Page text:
When I found out I was being placed in Elabuga for my teaching assistantship in the fall, the name was nothing more to me than than a humorous string of syllables (think boogie-man, the Ooga-Booga man from Crash Bandicoot). But upon doing some research into the city, I discovered that one of its claims to fame is that it was the death place of the renowned poet Marina Tsvetaeva.

List of Russian language poets
List of Russian language poets (Photo credit: Wikipedia)

Happening upon this information was one of those satisfying full-circle moments for me, since the first poem I ever read in Russian (and attempted to translate), was by Marina Tsvetaeva. Age 13 was the year that my passion for the Russian language was ignited, and  I still remember vividly the lessons I took, held inside the home of a tall Muscovite named Natasha. For homework one night, Natasha gave me to translate what is perhaps Tsvetaeva’s most famous poem. It was far beyond my level at the time, but that didn’t stop me from eagerly flipping through my massive Russo-English dictionary in search of the keys that would unlock the meaning of the mysterious text. Below is the poem in both Russian and English translation:

Мне нравится, что вы больны не мной,
Мне нравится, что я больна не вами,
Что никогда тяжелый шар земной
Не уплывет под нашими ногами.
Мне нравится, что можно быть смешной –
Распущенной – и не играть словами,
И не краснеть удушливой волной,
Слегка соприкоснувшись рукавами.

Мне нравится еще, что вы при мне
Спокойно обнимаете другую,
Не прочите мне в адовом огне
Гореть за то, что я вас не целую.
Что имя нежное мое, мой нежный, не
Упоминаете ни днем, ни ночью – всуе…
Что никогда в церковной тишине
Не пропоют над нами: аллилуйя!

Спасибо вам и сердцем и рукой
За то, что вы меня – не зная сами! –
Так любите: за мой ночной покой,
За редкость встреч закатными часами,
За наши не-гулянья под луной,
За солнце, не у нас над головами, –
За то, что вы больны – увы! – не мной,
За то, что я больна – увы! – не вами!

3 Мая 1915

I like it that you’re burning not for me,
I like it that it’s not for you I’m burning
And that the heavy sphere of Planet Earth
Will underneath our feet no more be turning
I like it that I can be unabashed
And humorous and not to play with words
And not to redden with a smothering wave
When with my sleeves I’m lightly touching yours.

I like it, that before my very eyes
You calmly hug another; it is well
That for me also kissing someone else
You will not threaten me with flames of hell.
That this my tender name, not day nor night,
You will recall again, my tender love;
That never in the silence of the church
They will sing “halleluiah” us above.

With this my heart and this my hand I thank
You that – although you don’t know it –
You love me thus; and for my peaceful nights
And for rare meetings in the hour of sunset,
That we aren’t walking underneath the moon,
That sun is not above our heads this morning,
That you – alas – are burning not for me
And that – alas – it’s not for you I’m burning.

Translated by Ilya Shambat

One of the reasons that this poem is so well known is that it makes a musical cameo in the classic Russian New Year’s movie, Ироны Судьбы (The Irony of Fate). The film begins with  a group of Russian men enjoying an New Year’s Eve at a Moscow баня (bath house) and getting drunk. This would hardly be noteworthy, except for that the men get so drunk that the conscious ones can’t remember which one of their passed-out friends was supposed to board a plane to Leningrad. And being good friends, they do their best, but they still put the wrong friend on the plane.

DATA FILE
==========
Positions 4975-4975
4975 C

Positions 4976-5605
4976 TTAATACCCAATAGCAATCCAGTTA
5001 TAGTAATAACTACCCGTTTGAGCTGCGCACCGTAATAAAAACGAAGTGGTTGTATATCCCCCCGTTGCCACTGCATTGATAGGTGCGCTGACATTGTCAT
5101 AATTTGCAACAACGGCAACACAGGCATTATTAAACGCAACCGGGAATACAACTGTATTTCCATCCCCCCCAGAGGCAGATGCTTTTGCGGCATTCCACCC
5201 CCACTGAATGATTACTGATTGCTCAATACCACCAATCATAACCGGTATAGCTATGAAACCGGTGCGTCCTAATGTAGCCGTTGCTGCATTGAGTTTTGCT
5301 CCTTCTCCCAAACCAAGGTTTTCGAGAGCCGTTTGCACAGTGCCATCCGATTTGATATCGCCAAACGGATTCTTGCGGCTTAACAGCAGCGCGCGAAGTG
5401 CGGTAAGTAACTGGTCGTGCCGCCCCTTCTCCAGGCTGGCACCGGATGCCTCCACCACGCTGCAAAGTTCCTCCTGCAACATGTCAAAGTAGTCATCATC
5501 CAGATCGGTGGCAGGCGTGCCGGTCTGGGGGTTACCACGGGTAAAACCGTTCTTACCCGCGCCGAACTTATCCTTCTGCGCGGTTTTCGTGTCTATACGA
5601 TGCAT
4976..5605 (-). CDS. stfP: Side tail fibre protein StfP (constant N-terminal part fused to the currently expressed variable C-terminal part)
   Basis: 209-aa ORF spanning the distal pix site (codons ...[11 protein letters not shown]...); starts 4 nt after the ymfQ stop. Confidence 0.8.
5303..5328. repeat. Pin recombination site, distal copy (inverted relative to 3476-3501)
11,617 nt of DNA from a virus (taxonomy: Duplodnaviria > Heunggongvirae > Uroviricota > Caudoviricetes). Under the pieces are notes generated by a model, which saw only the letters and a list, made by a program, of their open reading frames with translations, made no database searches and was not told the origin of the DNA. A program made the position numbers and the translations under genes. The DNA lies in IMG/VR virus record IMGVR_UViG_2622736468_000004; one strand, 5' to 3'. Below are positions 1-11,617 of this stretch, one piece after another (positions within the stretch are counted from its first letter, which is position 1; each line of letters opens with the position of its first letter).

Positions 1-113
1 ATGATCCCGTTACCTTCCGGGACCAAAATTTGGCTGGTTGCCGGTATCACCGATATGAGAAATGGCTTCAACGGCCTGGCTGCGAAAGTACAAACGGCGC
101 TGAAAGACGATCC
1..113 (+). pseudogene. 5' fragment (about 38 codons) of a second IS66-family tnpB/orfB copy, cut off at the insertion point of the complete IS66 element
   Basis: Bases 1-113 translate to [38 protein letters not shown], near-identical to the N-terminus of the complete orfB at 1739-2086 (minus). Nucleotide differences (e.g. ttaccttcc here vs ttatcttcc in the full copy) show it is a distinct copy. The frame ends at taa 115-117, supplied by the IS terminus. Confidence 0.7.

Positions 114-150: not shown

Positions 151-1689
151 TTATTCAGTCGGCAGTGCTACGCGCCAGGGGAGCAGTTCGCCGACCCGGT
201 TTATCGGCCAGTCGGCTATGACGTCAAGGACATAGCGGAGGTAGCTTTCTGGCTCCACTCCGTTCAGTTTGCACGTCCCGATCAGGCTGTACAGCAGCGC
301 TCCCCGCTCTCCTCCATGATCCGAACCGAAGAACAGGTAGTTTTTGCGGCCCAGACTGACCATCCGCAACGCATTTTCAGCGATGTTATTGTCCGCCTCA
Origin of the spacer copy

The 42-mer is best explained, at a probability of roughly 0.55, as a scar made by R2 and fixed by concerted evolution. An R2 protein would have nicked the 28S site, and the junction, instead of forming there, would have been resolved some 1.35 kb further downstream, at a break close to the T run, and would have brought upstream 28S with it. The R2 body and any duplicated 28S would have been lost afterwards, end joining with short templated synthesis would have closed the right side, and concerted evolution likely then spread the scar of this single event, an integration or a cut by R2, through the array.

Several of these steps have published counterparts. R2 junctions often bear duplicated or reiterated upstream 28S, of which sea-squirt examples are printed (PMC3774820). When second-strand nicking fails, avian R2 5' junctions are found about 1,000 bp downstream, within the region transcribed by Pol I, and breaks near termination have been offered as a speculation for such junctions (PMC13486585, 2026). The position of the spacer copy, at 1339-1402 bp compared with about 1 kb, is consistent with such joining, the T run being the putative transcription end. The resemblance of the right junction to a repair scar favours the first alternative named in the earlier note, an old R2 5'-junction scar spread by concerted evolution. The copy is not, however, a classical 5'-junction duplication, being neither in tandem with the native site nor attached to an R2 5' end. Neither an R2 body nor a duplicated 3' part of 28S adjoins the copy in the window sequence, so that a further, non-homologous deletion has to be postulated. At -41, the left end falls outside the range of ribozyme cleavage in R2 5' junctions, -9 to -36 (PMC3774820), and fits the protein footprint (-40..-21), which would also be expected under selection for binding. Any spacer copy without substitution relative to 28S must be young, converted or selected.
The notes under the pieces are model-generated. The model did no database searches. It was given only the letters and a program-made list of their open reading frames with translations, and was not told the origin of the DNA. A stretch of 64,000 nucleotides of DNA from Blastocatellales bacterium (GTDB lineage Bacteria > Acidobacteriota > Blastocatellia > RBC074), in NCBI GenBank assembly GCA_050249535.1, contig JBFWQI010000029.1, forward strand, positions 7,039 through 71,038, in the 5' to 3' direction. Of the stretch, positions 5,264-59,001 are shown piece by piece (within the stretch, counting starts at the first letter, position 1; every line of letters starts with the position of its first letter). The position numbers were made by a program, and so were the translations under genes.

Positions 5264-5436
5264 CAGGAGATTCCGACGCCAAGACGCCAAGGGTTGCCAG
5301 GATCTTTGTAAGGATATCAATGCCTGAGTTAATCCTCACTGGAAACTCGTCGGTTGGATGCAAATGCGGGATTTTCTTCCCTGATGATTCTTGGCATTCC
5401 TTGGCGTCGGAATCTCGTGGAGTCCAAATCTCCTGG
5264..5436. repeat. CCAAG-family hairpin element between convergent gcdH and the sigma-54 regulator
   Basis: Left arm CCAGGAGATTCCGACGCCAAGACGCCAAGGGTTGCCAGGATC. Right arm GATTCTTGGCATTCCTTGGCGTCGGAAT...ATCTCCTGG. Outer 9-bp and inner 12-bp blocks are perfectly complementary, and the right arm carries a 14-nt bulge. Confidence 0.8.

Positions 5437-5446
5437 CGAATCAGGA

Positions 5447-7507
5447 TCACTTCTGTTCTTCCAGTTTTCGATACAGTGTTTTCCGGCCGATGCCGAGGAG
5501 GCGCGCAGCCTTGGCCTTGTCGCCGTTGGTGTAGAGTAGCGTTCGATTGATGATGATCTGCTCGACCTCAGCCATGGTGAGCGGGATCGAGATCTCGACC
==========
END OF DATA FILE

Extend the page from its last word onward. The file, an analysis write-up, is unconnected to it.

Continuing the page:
When the hungover Zhenya arrives in Leningrad, he is still not sober enough to realize that he’s not in Moscow. So he flags down a taxi and gives him his “home address.” The driver brings him to his “home,” and Zhenya passes out on a bed as soon as he arrives. (Note: such a mistake was possible because Soviet-era city planning was big on uniformity; i.e., Moscow and Leningrad had many of the same street names and identical housing complexes). Zhenya is surprised to awake to a beautiful woman screaming at him to get out of her apartment…and so it begins. I won’t spoil the ending for you, but here is the clip in which Nadia (the woman who lives in the apartment), sings lines from Marina Tsvetaeva’s poem. Hint: it’s a happy ending.

This movie is near and dear to my heart because of the ironic role it once played in my travels, what I like to call “The Irony of Gate.” At the end of my study abroad in 2010, I sat sick with strep throat in my hotel room while the rest of the group went to stare at Vladimir Lenin’s waxy corpse. To keep myself occupied, I watched The Irony of Fate, unaware that I would soon become Zhenya. On the way back to America, I managed to get on the wrong plane, giving my parents and group mates the fright of their lives. While on a layover in Frankfurt, I got separated from my group and approached what I thought was the correct gate. Esteeming German efficiency and attention to detail as infallible, when the gate attendant let me on, I boarded with complete confidence. And then I waited. And waited. And no one in my group came. The loudspeaker confirmed my growing doubts, “Service to Newark, New Jersey.” I was supposed to be going to JFK. I’ll never forget the flight attendant’s reaction when I told her my plight; she looked over her shoulder and said to a male attendant in a grave tone, “we have a situation.” A situation indeed, but thankfully one that I can now laugh about. Eight hours later, I arrived in America fatigued, but unscathed, and feeling a little guilty for giving everyone close to me such a scare.